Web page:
1. Visiting from the US? Why not try DIYnot.US instead? Click here to continue to DIYnot.US.
    Dismiss Notice

Silverline pocket hole jog - anyone used one?

Discussion in 'Tools and Materials' started by benjiman, 4 Sep 2012.

  1. benjiman

    benjiman

    Joined:
    21 Jul 2004
    Messages:
    295
    Thanks Received:
    2
    Country:
    United Kingdom
    I've just bought one of these, but I'm having issues with it and thinking if it is due to getting a cheapy and not a trend or a kreg instead.

    http://www.amazon.co.uk/Silverline-868549-Pocket-Hole-Jig/dp/B000LFXJ8O/ref=pd_sxp_f_pt

    I clamping it to a piece of wood with a locking C clamp. The clamp held the jg really firmly to the piece of wood.

    I then inserted an 8mm drill bit into the jig hole (Correct size for the threaded on adapter) then attempted to drill. What I found was that the bit kept hitting the metal as it was drilling. So it scrapped some metal off the inside of the jig as well as making a hole in the wood.

    I tried a few more and it did the same thing. If I carry on my drill bit will be shot pretty soon, so I've given up for now.

    Does the jig require a special drill bit? Anyone else used this jig? Are the trend/kreg ones worth the extra money?
     
  2. Sponsored Links
  3. steveuk

    steveuk

    Joined:
    16 May 2009
    Messages:
    125
    Thanks Received:
    12
    Location:
    Durham
    Country:
    United Kingdom
  4. noseall

    noseall

    Joined:
    2 Feb 2006
    Messages:
    41,883
    Thanks Received:
    2,614
    Location:
    Staffordshire
    Country:
    United Kingdom
    Silverline is absolute tat.

    The stuff they sell is a joke.

    I honestly don't know where their market place is. It must be for diy'ers that buy stuff to adorn their shelves because used once the stuff is fit for the bin.

    I bought an emergency jigsaw for £15 and it lasted for one job, a total of about 30 minutes use. I wasn't phased by the throwaway cost because the thing was hand delivered to me, i completed the job and the jig saw was flung. To have not completed the job would have had more serious repercussions than a mere 15 rips.

    Ho hum.
     
  5. benjiman

    benjiman

    Joined:
    21 Jul 2004
    Messages:
    295
    Thanks Received:
    2
    Country:
    United Kingdom
    Thanks gentlemen I think I have my answer!

    In the bin it goes and off I go to place an order for the Kreg R3.

    Cheers.
     
  6. seaangler

    seaangler

    Joined:
    10 Feb 2006
    Messages:
    273
    Thanks Received:
    17
    Location:
    Lancashire
    Country:
    United Kingdom
    i'll aggree that 90% of silverline stuff is tatt but i've had a pocket hole jig for years without any problems - make sure that you have the correct "nuts" in the jig for a start then throw out the 6 & 8 mm ones and only use the 10mm

    note - the kregg jig is now imported by silverline !!!!
     
  7. Sponsored Links
  8. peterperfection

    peterperfection

    Joined:
    8 Aug 2011
    Messages:
    1,775
    Thanks Received:
    35
    Location:
    Lancashire
    Country:
    United Kingdom
    Silverline tools are sometimes good for one job then throw them away.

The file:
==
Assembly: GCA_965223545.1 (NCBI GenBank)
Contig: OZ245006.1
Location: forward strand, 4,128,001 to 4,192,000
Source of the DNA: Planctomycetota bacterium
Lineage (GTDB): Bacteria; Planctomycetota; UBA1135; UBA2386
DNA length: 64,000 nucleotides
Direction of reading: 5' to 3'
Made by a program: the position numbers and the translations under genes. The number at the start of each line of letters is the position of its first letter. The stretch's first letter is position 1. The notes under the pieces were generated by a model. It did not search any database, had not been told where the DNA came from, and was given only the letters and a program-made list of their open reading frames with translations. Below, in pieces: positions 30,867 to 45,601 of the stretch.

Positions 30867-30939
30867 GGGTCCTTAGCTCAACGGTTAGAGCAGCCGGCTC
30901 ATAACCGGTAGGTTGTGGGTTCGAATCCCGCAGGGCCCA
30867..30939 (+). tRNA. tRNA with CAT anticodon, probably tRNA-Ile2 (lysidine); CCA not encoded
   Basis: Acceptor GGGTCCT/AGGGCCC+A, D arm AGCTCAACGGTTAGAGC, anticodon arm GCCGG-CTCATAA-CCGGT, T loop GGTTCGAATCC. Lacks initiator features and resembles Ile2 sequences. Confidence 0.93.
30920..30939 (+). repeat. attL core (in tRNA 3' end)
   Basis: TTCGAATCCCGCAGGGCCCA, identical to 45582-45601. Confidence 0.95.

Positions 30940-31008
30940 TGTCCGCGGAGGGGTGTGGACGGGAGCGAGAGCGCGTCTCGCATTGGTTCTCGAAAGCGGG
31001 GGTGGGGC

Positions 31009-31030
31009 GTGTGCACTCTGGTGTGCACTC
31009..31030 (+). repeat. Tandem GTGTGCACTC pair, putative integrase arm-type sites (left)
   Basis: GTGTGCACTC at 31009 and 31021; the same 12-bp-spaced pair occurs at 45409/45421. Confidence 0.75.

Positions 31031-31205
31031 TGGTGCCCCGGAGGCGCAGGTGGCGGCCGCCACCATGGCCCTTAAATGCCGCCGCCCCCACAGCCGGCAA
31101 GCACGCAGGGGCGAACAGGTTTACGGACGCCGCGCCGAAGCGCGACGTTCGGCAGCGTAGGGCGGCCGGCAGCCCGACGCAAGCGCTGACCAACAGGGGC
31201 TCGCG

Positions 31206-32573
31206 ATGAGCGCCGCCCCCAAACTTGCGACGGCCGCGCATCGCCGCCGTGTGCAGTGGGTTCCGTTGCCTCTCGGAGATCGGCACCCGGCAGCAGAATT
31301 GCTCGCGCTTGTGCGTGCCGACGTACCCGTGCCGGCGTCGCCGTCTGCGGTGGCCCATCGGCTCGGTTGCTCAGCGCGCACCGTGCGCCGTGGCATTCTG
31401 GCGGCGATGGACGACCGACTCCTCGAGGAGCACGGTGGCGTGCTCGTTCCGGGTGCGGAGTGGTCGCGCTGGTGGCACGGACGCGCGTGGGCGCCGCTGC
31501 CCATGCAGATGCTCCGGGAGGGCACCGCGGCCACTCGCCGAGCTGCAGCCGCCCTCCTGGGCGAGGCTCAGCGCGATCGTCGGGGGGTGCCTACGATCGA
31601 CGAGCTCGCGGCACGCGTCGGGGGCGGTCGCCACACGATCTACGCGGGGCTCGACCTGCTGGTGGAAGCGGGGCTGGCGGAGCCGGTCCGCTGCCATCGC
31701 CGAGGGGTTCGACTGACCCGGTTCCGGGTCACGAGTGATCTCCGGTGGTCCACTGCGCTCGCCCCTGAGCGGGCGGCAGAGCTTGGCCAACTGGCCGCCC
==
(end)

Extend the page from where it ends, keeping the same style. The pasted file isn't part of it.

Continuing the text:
You get what you pay for .
    For some light jobs- they will be ok- as long as you take things slowly.
     
  9. joe-90

    joe-90

    Joined:
    28 Oct 2005
    Messages:
    31,284
    Thanks Received:
    1,062
    Country:
    United Kingdom
    It would work fine if you had the right drill bit.
     
  10. leslieharris98

    leslieharris98

    Joined:
    17 Jan 2014
    Messages:
    1
    Thanks Received:
    0
    Location:
    Sussex
    Country:
    United Kingdom
    Notes on Silverline pocket hole jig
    I recently bought the jig and dowel drill set in the face of web site warnings and make the following comments that may be helpful.
    Drilling into soft wood at 17 degrees is difficult with 8 mm dia. and larger bits, especially if over a knot. The S. dowel drills could not cope even normal to timber face. These were discarded but the collars retained. Pre-drilling with 6 dia bits assists. A table of positions of jig relative to stock ends, thicknesses, penetration of drill relative to jig feral and screw length is required. This will be approximately (mm)
    Stock thickness 13 26 39 52
    Jig position +10.5 -10.5 -32.2 -54.5
    lower jig end forward (-) and rearward (+) of stock end
    Penetration 43 65 88 110
    Screw length 30 45 55 70
    Screws do not have to be flat seated and domed headed, Philips head is ok.
    Note - having pockets inside ‘box’ is stronger than outside for the wood over the sloping screws is the first to split out.
    Initial resistance to screw penetration may cause bit friction on aluminium jig but can be reduced as above measures.
    The jig and stock piece must be very firmly clamped together in say the work horse jaws or carpenters vice. G clamps are insufficient ( hence special locking clamps and mechanical fixing to jig with patent systems).
    Of course patent systems are neater to use, but at a cost and restricted stock and drill hole sizes. With repetitive deployment they are winners.
     
  11. frank999

    frank999

    Joined:
    11 Feb 2009
    Messages:
    618
    Thanks Received:
    6
    Location:
    London
    Country:
    United Kingdom
  12. DIYnot Local

    DIYnot Local

    Joined:
    3 Sep 2019
    Country:
    United Kingdom

    If you need to find a tradesperson to get your job done, please try our local search below, or if you are doing it yourself you can find suppliers local to you.

    Select the supplier or trade you require, enter your location to begin your search.


    Are you a trade or supplier? You can create your listing free at DIYnot Local

     
Loading...

Share This Page